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Te Tari Moromoroiti me te Ārai Mate

UPCOMING SEMINAR: Rajesh Lamichhane

Posted by on 18 November 2019 | Comments

12:00noon Monday 18th December
Room 208, 2nd floor,
Microbiology building, 
720 Cumberland Street

‘Mucosal associated invariant T cells; bacterial control in humans’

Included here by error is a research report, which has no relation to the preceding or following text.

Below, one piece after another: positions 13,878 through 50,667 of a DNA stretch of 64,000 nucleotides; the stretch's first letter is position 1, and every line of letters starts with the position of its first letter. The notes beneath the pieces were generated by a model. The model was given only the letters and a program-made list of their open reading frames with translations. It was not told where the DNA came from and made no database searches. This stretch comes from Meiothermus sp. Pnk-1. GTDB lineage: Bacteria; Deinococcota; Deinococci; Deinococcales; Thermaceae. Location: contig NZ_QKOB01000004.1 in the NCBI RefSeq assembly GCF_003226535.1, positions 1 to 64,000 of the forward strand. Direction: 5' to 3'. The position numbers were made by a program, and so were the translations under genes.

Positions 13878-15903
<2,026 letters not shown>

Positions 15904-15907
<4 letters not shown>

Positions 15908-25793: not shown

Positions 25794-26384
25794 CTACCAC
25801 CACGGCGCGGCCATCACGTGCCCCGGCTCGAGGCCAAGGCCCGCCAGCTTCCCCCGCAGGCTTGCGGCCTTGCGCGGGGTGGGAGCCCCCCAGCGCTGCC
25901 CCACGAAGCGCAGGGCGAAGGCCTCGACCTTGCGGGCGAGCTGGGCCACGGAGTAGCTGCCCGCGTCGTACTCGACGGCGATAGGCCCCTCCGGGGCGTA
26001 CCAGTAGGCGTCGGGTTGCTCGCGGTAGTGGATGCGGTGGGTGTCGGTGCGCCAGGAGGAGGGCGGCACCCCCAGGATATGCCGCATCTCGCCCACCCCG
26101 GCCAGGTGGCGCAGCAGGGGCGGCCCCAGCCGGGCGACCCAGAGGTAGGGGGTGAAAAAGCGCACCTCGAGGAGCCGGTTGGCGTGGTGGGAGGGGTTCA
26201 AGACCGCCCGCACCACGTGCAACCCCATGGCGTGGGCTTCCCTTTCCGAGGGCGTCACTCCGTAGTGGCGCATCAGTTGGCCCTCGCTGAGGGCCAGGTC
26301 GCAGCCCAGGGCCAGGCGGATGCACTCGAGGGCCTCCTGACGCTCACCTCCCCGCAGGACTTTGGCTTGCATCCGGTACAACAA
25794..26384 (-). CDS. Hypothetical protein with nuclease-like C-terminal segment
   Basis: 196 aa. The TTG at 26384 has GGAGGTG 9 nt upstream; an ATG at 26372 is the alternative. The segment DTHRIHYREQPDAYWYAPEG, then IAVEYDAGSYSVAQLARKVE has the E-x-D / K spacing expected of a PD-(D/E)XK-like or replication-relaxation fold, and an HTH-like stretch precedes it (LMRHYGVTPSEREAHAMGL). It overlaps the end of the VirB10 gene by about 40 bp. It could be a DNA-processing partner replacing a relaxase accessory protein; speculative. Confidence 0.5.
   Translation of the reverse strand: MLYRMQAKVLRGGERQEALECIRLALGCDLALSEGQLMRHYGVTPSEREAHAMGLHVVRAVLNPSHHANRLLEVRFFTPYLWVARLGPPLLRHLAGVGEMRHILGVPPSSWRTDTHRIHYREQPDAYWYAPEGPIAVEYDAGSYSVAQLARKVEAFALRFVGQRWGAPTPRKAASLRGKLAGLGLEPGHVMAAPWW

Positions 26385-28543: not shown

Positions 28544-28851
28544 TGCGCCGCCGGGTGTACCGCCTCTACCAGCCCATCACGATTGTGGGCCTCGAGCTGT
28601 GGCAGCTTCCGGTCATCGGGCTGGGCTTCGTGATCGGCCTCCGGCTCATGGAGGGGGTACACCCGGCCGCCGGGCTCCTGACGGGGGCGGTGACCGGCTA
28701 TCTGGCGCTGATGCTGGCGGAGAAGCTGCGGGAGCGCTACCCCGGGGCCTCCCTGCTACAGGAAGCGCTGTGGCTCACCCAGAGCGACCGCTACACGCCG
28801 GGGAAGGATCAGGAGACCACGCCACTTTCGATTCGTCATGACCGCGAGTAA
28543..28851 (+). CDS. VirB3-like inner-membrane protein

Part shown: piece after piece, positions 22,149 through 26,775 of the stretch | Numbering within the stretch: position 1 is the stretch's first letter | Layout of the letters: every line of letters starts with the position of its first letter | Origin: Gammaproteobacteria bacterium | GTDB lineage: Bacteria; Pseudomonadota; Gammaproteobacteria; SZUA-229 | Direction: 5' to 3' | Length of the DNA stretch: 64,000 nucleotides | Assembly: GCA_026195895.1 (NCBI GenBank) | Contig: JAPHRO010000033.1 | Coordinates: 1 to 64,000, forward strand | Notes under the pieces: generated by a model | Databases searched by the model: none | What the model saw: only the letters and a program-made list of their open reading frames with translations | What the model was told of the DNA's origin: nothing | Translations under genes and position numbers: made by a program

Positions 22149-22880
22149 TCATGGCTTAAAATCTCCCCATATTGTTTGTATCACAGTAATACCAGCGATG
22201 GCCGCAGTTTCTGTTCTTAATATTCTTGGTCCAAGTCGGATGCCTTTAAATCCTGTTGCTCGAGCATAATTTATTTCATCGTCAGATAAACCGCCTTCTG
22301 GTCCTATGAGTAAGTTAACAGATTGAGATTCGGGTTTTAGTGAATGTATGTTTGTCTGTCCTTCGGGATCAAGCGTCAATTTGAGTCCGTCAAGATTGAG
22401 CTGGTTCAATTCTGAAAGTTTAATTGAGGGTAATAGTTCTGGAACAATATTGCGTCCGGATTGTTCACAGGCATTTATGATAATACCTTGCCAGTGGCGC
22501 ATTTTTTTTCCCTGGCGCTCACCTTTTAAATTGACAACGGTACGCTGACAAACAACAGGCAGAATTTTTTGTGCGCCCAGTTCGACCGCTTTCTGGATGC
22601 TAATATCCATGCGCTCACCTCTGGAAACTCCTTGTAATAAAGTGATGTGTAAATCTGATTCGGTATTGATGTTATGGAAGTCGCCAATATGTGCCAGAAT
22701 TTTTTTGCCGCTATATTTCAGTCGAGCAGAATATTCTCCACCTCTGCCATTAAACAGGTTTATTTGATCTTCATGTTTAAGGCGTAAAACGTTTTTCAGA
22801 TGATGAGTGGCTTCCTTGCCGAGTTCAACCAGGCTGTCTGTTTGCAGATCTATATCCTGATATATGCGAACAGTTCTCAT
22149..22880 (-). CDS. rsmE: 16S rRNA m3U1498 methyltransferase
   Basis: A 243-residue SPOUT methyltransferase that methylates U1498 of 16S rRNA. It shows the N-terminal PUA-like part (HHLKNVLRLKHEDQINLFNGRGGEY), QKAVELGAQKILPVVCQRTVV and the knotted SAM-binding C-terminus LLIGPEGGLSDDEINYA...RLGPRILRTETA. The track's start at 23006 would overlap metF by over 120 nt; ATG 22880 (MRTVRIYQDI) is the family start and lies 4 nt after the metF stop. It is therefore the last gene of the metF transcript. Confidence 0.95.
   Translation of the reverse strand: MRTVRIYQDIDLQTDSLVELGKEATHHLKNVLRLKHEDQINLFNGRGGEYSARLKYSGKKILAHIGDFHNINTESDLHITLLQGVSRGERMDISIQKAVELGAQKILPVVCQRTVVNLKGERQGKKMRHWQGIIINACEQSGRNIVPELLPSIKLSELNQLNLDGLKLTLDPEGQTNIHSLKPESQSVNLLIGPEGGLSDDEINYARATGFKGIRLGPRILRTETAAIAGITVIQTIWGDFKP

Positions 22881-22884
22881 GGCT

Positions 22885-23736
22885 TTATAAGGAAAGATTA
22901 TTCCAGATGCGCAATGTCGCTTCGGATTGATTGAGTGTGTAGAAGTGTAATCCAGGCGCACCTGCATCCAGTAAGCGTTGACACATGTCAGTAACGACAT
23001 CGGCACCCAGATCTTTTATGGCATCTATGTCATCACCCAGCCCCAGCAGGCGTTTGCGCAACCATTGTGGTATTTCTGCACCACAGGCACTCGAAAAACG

Mucosal associated invariant T (MAIT) cells are an unconventional anti-bacterial T cell subset that are abundant in humans in blood, liver, and mucosal tissues.  Unlike conventional T cells, MAIT cells express a semi-invariant T cell receptor (TCR) and like other unconventional T cells, MAIT cells express cytokine receptors, such as interleukin (IL)-12R and IL-18R, at high levels and can respond to cytokines, produced during bacterial or viral infections, independently of TCR stimulation.  Activation via the two modes can occur independently or simultaneously, depending upon the stimuli.  However, it is unclear whether the effector functions of human MAIT cells differ by mode of activation.  We showed that TCR stimulation of both blood and liver derived MAIT cells triggered rapid acquisition of a polyfunctional proinflammatory phenotype, with the expression of multiple cytokines and chemokines, while the response to cytokine activation was slower and narrower.  When the transcriptome of unstimulated blood and liver-derived MAIT cells were compared, there was no substantial difference in the circulatory and tissue residency gene expression signatures, suggesting that MAIT cells may recirculate between blood and liver.  We further identified type I interferons as a major regulatory signal that can directly stimulate MAIT cells as well as enhancing the response of MAIT cells to TCR signals.  Overall, this study has significantly advanced our knowledge of MAIT immunobiology.